What are the units on the y-axis of that bar graph? Where did those numbers come from?

  • Francis Cebedo says:

    The units on the left of the ‘Our test results’ graph came from BMC’s internal testing. We’ll check with them to see what they stand for.

    • Iwan says:

      Would be great if you could let us know. Thanks.

    • Øyvind says:

      The units compare to standard “speed” or something. As you can see the old standard 26″ wheels are at 100 in all the tests. It looks like this is then the benchmark – 100%. 29″ and 27,4″ are sometimes better than the old 100% sometimes not as good.
      At least that’s how I read the graph.

  • trumpus says:

    Nothing between $12K and $4K SLX? No XX1? XT?

    • Francis Cebedo says:

      There’s 2 or 3 bikes in between $4k and $12k. Go through the photos in the slider gallery and you’ll see the specs.

  • Jared says:

    BMC got it right on geometry, but wrong on sizing. No XL option is no good.

    • Mike says:

      Just check the sizing carefully. We partnered this year with BMC on the Trans-Sylvania Epic Team and were all surprised a bit by the fit. All of us found the BMCs bigger for a given size than a comparably labeled bike from others. Guys on team up to 6’3″ had no issue getting on BMCs “larges” and are still running relatively short stems. Most of sized down compared to the cdales, spec and treks we’d been on. Not saying this one is the same for sure as it is a new model, but check closely.

  • Luis says:

    Wow $12,000.00 for a MTB !! Must be 1 helluva bike !!!!!

  • ChrisG says:

    The first mid travel 29er that is worthy of real attention in my view. Besides it being a bit of a high tech wonder it is the “rearward axle path” mentioned in the review that, if confirmed, makes the bike truly interesting. The value of a rearward axle path, contrary to the reviewer’s comments, has nothing to do with anti-squat (anti-squat arises with a spinning wheel being levered against the main triangle via the swingarm or suspension linkage and while bikes with plenty of anti-squat often do have a rearward axle path, it is not that path or its affect on the chain that generates anti-squat) it is rather the way such a path allows the rear wheel to clear obstacles (e.g. square edged rocks etc.) without slowing the bike too much. Wheels will slow when they strike obstacles to some extent but when a rear wheel with a rearward axle path strikes an obstacle it will slow the forward motion of the bike less because the wheel has the time to mount the obstacle without becoming a major source of drag on the bike. Bikes with non-rearward axle paths will slow more, i.e. will not carry speed as well, when they encounter rough terrain. So, the interest of this bike, amongst other things, appears to be that it is less prone to the defects that follow from a poor axle path that up until now has meant that mid travel 29er experiments have been rather underwhelming.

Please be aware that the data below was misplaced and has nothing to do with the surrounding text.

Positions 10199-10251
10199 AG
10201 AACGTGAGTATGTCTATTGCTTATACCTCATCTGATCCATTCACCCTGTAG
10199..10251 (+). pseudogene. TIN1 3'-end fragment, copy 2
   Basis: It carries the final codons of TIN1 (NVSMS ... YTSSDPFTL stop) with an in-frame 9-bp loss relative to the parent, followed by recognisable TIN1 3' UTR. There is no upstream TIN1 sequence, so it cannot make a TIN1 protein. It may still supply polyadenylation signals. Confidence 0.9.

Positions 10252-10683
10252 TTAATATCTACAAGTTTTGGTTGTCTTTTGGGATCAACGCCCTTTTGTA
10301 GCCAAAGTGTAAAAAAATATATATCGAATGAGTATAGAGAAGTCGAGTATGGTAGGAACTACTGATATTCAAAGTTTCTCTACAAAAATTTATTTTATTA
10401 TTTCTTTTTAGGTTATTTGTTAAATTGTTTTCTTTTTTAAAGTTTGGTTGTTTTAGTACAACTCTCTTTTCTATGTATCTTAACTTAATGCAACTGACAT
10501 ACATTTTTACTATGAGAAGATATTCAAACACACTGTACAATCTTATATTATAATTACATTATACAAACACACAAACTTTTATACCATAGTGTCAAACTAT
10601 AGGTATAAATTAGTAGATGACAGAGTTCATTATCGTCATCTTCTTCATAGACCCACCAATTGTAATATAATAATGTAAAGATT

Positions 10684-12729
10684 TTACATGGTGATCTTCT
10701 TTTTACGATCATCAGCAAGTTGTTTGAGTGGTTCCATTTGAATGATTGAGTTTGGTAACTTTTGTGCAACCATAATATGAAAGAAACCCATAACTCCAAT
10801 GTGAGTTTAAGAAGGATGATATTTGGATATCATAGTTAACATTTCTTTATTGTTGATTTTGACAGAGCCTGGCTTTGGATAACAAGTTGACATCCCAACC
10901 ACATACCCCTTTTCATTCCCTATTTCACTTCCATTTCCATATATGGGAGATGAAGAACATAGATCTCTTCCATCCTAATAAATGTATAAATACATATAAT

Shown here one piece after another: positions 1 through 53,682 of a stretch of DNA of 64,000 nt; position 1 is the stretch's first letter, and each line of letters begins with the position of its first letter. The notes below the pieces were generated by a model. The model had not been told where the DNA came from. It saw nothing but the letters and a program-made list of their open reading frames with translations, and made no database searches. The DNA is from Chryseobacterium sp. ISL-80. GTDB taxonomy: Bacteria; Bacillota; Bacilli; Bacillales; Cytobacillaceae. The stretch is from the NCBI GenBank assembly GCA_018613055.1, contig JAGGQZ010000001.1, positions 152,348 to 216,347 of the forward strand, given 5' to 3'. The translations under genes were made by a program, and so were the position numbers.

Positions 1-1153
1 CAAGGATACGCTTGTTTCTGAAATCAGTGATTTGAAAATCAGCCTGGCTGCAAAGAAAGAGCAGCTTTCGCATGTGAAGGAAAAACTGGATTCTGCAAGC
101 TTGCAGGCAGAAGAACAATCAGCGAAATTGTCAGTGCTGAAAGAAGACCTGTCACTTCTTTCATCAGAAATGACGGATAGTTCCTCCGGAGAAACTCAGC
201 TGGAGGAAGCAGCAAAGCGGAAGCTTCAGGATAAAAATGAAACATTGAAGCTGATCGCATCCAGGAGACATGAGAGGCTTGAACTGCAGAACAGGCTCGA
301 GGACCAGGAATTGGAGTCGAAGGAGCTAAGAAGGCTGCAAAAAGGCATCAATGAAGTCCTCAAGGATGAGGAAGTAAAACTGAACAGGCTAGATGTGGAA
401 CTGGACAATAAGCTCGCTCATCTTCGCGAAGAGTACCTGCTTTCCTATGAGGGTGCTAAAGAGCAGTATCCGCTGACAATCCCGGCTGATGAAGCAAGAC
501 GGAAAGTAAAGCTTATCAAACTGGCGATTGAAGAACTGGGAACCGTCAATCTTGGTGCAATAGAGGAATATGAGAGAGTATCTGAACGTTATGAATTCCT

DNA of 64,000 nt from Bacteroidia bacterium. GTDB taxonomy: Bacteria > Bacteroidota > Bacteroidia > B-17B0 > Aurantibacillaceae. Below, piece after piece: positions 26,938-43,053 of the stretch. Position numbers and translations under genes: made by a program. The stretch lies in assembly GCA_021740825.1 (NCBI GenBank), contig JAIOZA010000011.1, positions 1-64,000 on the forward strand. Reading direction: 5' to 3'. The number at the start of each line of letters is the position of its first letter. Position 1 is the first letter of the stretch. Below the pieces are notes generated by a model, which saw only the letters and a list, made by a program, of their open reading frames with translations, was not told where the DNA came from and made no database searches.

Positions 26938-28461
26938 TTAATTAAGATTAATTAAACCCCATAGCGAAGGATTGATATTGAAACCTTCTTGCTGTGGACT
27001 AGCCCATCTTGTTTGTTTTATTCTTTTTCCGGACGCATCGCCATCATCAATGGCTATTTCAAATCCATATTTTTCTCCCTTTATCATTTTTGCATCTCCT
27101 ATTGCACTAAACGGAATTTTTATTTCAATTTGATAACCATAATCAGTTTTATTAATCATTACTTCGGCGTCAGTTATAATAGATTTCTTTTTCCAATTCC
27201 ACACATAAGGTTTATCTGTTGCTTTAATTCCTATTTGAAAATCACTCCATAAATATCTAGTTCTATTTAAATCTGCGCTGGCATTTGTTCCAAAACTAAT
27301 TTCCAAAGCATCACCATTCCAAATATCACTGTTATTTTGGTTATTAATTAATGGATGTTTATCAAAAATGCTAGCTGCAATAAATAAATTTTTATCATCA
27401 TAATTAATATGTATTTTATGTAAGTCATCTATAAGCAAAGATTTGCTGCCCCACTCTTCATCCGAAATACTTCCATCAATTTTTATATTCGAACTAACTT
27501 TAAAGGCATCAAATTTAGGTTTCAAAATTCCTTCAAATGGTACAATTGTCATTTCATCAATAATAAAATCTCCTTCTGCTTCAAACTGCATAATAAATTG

• whatevs says:

    I had the same initial response (where’s the XL??) but after looking at the numbers, I don’t think its a concern unless you’re all legs (and therefore need more more stack). As spec’d, these frames are LONG.
    The reach spec on this BMC size L is 18.1 inches. Compare that to, say, a Turner Sultan which is 17.6 inches for the XXL size and 17.2 inches for the XL. Or a Tallboy LT which his 18.0″ for the XXL and 17.2″ for the XL and 16.3″ for the L.

  • thefriar says:

    I like. Until I go look at Speshy’s contemplated pricing on the Enduro 29 Sworks with shorter stays and XX1 and a CCDB Air, and I ask myself, where is that other $3k of cost coming in? Not in the department of warranty as Sworks will take care of you for life, soooo… Rear stays? XTR??? I can’t get the math to work.

  • RIDE_BMC says:


    Just to shed some light, the TF01 Trailcrew edition features XX1 and the Float X for $8999. It’s also a full carbon frame.

  • JuanMessa says:

    Just reading the review here in the UK as I am thinking about opting for the BMC . Large is on par with a lot of other brands XL and now that it’s also been reduced at my LBS I am on my way to get it right now. I already have a reverb ready to slot in so £1700 for a complete bike with these capabilities has got to be a 2014 bargain.